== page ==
Every so often, big media gets their teeth in a story. You can tell, because they come up with an alliterative term for it. It's generally accompanied by a screen-filling graphic and some dramatic music. The latest one is being called "Tragedy in Tuscon."
It's generally a tragedy or giant oil spill of some sort that grabs their attention. I don't recall any fancy names being given to something good that happens. It's always "The Storm of the Century," a fire, flood or oil spill that gets a graphic and a catchy title.
This latest one is interesting on several levels. It involves a young, attractive female politician and a child - two things that the media eats for lunch. Add to it that the child is the granddaughter of a Phillies executive (and former manager) and you have the makings of a huge story.
Since television news struggles against the Internet on the best of days, they have dispatched hordes of reporters to Arizona to ferret-out every gory detail of the people involved.
The shooter has a high-powered attorney on his side. It's the same attorney who represented Ted Kaczynski, who became known as the "Unabomber." I suppose business has been slow for the past 15 years, and it must be nice to have a fresh crazy-ass to defend. That's why I could never be a defense attorney. Having an almost-unlimited supply of crazy bastards, I couldn't bring myself to summon-up an argument over why they shouldn't be taken out of society.
One thing of which you can be certain, as the media disseminates this story: Every photo of the shooter will make him look like a crazy-ass and every photo of the people he killed will make them look attractive. It's how the news is doled out, as though we need to be reminded that the shooter is a crazy bastard and the people he killed were innocent victims.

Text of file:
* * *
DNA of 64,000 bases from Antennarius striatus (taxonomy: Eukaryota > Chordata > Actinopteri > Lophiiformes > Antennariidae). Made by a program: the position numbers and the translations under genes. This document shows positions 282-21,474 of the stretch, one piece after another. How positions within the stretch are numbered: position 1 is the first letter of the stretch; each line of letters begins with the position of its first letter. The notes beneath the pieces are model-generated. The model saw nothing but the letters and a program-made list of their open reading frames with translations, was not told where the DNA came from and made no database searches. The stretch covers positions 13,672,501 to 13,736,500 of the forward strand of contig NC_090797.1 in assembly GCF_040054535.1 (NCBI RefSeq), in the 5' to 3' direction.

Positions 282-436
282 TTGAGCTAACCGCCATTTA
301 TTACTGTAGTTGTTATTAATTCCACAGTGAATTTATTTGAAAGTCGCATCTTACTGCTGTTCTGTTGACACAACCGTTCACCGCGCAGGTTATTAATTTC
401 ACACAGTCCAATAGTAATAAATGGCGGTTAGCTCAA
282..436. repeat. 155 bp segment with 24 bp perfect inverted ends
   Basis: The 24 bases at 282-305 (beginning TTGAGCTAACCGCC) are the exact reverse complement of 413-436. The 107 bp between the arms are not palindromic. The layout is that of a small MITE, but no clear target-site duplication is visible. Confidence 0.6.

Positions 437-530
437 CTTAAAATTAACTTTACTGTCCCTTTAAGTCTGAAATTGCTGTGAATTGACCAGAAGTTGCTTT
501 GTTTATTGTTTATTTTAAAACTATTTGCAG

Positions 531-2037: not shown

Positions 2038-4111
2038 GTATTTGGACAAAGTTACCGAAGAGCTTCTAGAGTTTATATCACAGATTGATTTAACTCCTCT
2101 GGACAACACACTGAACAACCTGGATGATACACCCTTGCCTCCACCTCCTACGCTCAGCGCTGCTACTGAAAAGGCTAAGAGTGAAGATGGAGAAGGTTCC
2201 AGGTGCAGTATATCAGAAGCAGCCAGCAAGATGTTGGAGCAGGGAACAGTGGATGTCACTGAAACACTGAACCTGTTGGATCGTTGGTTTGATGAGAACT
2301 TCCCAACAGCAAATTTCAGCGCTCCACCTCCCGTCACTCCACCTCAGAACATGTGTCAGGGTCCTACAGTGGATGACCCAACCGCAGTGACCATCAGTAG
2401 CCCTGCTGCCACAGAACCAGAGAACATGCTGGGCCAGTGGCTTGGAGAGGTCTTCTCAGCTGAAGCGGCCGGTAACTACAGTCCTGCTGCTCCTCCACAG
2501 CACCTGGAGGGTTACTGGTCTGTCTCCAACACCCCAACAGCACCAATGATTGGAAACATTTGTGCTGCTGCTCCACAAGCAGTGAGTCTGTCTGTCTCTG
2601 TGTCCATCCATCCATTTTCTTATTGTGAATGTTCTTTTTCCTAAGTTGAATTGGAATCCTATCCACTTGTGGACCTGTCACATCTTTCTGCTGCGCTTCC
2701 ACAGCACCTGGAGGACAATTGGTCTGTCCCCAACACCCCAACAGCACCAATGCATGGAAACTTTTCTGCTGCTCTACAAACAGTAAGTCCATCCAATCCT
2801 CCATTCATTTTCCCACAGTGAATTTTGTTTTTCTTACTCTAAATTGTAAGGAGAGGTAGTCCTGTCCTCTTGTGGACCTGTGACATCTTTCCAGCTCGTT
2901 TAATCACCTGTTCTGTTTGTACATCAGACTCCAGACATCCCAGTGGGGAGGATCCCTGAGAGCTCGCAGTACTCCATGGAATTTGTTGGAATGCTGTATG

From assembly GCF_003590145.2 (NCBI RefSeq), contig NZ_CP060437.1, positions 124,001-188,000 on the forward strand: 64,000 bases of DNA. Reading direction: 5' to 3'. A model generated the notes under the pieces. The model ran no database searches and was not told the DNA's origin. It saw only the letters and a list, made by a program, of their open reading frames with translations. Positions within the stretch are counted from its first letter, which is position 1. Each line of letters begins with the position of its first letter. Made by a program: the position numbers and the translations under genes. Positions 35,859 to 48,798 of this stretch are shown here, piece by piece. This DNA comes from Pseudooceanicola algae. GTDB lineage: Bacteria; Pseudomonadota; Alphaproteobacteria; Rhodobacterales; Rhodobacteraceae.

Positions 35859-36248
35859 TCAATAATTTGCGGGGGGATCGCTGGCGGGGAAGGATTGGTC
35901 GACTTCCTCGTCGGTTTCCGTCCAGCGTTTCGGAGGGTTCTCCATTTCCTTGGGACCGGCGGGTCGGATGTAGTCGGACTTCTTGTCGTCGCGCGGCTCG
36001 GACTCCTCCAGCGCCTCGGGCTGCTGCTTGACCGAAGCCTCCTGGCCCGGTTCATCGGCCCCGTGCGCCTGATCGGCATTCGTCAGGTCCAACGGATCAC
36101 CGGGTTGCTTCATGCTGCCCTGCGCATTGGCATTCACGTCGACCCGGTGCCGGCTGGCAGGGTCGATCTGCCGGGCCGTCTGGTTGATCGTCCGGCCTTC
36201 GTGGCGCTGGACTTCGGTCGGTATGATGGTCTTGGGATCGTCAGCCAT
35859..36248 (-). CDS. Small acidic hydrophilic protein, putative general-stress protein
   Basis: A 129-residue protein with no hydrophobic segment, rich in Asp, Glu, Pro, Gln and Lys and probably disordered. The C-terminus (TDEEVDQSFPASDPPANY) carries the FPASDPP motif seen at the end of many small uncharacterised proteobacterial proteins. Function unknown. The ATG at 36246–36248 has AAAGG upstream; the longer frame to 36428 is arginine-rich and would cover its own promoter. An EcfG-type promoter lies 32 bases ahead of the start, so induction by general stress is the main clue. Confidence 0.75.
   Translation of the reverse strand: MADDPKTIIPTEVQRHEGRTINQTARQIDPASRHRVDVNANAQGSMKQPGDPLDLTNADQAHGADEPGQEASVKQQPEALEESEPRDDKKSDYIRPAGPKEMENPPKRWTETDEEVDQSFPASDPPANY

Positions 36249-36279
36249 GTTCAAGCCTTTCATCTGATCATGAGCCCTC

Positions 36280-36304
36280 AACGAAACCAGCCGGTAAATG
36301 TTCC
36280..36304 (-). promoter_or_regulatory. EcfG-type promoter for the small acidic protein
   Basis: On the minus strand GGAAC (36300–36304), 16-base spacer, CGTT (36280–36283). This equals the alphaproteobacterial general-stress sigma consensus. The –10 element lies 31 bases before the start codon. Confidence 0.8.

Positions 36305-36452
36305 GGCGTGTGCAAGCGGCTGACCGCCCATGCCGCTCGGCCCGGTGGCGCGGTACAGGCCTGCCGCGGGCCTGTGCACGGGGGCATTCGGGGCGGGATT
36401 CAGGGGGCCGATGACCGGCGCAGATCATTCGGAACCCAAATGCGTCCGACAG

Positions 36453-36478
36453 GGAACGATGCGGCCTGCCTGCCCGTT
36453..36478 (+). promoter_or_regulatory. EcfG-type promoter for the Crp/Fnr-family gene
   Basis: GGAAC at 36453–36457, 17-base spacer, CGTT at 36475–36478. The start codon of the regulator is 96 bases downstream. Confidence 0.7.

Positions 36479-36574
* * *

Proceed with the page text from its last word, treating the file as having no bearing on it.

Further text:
We haven't heard much about the other 17 people involved, partly because the story isn't that old and partly because they probably aren't children or federal employees. The things he is charged with are highlighted by "attempted assassination of a member of Congress" and the term "federal employee." So much for all men being created equal. When anything federal is involved, you're pretty much screwed, and held without bail.
To add to the mess, Giffords' brother-in-law is the commander of the International Space Station, and said that "these days, we are constantly reminded of the unspeakable acts of violence and damage we can inflict on one another." No kidding. Things like this are supposed to make us think and reflect. They do, for about a month, then we forget and go about our destructive business.
It didn't take long after the September 11, 2001 terrorist attacks for us to go back to calling athletes and actors "heroes" and making them out to be more than they are, which is glorified entertainers who suck a lot of money out of society. Now, we're supposed to reflect on "an unspeakable act," partly because of its impact and partly because of who was involved, and we're supposed to change our evil ways - or at least think about it.
But, it ain't gonna happen, and it's just a matter of time before the next tragedy that can be made into a catch phrase and we can be reminded of how despicable life can be sometimes, and how our own self-indulgent lifestyle and strange concept of freedom feeds into the very things we often find horrifying.
Or - we'll get a lot of snow and the TV news will struggle over which story is the lead.